(C) Continuing the child's academic program from the previous school and promoting placement in academically and career challenging courses shall be a primary consideration when DoDEA considers the placement of a transferring child.

(D) DoDEA, acting as the receiving LEA, may perform subsequent evaluations to ensure the child's appropriate course placement.

(ii) Educational Program Placement. (A) As long as the program is offered by DoDEA, acting as a receiving LEA, it will honor placement of the child in educational programs based on current educational assessments and placement in like programs in the sending State. Such programs include, but are not limited to, gifted and talented programs and English language learners.

(B) The receiving State school may perform subsequent evaluations to ensure the child's appropriate educational program placement.

(iii) Special Education Services. (A) DoDEA, acting as the receiving LEA, will initially provide comparable services to a child with disabilities based on his or her current IEP in compliance with 20 U.S.C. chapter 33, also known and referred to in this part as the “Individuals with Disabilities Education Act (IDEA),” as amended, and the requirements of Executive Order 13160. DoDEA may perform subsequent evaluations to ensure the child's appropriate placement consistent with IDEA.

(B) DoDEA, acting as the receiving LEA, will make reasonable accommodations and modifications to address the needs of incoming children with disabilities, in compliance with the requirements of 29 U.S.C. 794 and Executive Order 13160, and subject to an existing 504 plan to provide the child with equal access to education.

(iv) Placement Flexibility. DoDEA's administrative officials must have flexibility in waiving course or program prerequisites or other preconditions for placement in courses or programs offered under the jurisdiction of DoDEA.

(v) Absences Related to Deployment Activities. A child whose parent or legal guardian is an active duty Service member and has been called to duty for, is on leave from, or has immediately returned from deployment to a combat zone or combat support posting, will be granted additional excused absences under governing DoDEA rules.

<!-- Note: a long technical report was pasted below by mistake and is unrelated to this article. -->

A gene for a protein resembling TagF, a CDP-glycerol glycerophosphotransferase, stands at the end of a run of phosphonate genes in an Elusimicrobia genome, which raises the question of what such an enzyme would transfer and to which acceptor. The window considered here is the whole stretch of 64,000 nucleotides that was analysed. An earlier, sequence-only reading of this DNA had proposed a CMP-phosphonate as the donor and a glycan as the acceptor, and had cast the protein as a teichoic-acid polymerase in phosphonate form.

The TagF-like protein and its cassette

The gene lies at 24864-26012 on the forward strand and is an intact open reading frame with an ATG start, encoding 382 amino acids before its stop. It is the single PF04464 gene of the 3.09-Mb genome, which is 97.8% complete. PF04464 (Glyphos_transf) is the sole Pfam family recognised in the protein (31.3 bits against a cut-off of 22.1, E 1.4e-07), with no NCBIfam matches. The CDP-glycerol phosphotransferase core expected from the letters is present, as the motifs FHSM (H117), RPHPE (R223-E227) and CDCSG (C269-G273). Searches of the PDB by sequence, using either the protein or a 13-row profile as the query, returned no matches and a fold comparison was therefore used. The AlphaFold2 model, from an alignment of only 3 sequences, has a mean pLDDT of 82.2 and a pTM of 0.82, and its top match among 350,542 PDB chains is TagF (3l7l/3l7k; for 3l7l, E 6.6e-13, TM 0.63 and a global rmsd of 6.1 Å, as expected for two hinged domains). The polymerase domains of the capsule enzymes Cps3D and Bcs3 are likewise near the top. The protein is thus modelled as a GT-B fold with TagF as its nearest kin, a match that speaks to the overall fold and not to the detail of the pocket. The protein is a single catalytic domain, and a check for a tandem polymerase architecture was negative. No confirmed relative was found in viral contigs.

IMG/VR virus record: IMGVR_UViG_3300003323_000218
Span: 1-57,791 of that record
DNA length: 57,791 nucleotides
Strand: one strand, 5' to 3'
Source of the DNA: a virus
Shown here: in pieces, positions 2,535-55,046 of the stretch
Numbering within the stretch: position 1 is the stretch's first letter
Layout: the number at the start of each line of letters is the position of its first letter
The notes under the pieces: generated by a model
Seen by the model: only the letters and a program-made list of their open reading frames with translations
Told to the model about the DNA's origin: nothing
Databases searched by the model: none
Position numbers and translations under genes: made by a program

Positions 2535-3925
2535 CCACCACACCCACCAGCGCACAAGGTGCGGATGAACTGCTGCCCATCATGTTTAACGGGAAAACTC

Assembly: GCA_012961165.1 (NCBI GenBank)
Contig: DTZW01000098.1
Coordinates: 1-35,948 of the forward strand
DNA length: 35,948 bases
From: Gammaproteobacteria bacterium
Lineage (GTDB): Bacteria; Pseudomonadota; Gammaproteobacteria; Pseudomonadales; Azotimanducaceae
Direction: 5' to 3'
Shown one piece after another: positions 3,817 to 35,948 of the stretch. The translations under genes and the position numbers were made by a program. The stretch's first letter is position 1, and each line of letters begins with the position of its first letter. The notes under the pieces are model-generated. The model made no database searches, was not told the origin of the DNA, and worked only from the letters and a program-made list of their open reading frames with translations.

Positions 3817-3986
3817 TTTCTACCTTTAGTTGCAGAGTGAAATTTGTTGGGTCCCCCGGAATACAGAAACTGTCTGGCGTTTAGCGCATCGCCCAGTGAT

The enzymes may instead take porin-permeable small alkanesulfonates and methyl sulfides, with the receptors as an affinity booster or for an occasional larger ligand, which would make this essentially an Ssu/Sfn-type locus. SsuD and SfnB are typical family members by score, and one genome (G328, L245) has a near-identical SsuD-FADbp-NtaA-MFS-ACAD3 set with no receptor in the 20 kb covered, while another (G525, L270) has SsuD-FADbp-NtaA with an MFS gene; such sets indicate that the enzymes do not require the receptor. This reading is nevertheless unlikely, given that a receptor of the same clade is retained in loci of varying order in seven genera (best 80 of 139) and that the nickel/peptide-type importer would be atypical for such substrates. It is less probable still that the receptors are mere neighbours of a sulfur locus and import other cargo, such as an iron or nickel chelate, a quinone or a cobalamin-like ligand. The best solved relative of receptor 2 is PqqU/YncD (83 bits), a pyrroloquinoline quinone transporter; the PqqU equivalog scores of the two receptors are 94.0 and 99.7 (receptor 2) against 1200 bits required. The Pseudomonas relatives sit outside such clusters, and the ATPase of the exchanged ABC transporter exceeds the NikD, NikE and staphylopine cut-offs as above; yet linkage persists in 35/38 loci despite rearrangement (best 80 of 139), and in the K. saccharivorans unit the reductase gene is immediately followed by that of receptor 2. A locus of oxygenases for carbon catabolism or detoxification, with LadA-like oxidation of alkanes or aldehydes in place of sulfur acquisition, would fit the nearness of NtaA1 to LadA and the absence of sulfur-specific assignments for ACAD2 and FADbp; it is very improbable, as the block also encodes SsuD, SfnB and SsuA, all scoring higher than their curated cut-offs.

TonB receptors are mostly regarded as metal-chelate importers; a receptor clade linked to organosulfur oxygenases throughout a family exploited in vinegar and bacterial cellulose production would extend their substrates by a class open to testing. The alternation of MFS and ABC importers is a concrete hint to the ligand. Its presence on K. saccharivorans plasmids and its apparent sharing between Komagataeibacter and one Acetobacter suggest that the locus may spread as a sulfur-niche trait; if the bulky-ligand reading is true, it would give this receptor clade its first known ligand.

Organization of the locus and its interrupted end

(3) Article VI: Eligibility for enrollment. (i) Eligibility in DoDEA Schools. Eligibility of dependents of military members is governed by the laws in 10 U.S.C. 2164 and 20 U.S.C. 921 through 932 and their implementing regulations. Only children who are eligible to attend DoDEA schools may do so, regardless of their transition status.

(ii) Eligibility for extracurricular participation. DoDEA, acting as the receiving LEA, will facilitate the opportunity for transitioning children's inclusion in extracurricular activities, regardless of application deadlines, to the extent the children are otherwise qualified.

(4) Article VII: Graduation. To facilitate the child's on-time graduation, DoDEA will incorporate the following procedures:

(i) Waiver requirements. (A) DoDEA administrative officials will waive specific courses required for graduation if similar course work has been satisfactorily completed in another LEA or provide reasonable justification for denial.

(B) If DoDEA, as a receiving LEA, does not grant a waiver to a child who would qualify to graduate from the sending school, DoDEA will provide an alternative means of acquiring required coursework so that graduation may occur on time.

(C) If DoDEA, as the receiving LEA, requires a graduation project, volunteer community service hours, or other DoDEA specific requirement, DoDEA may waive those requirements.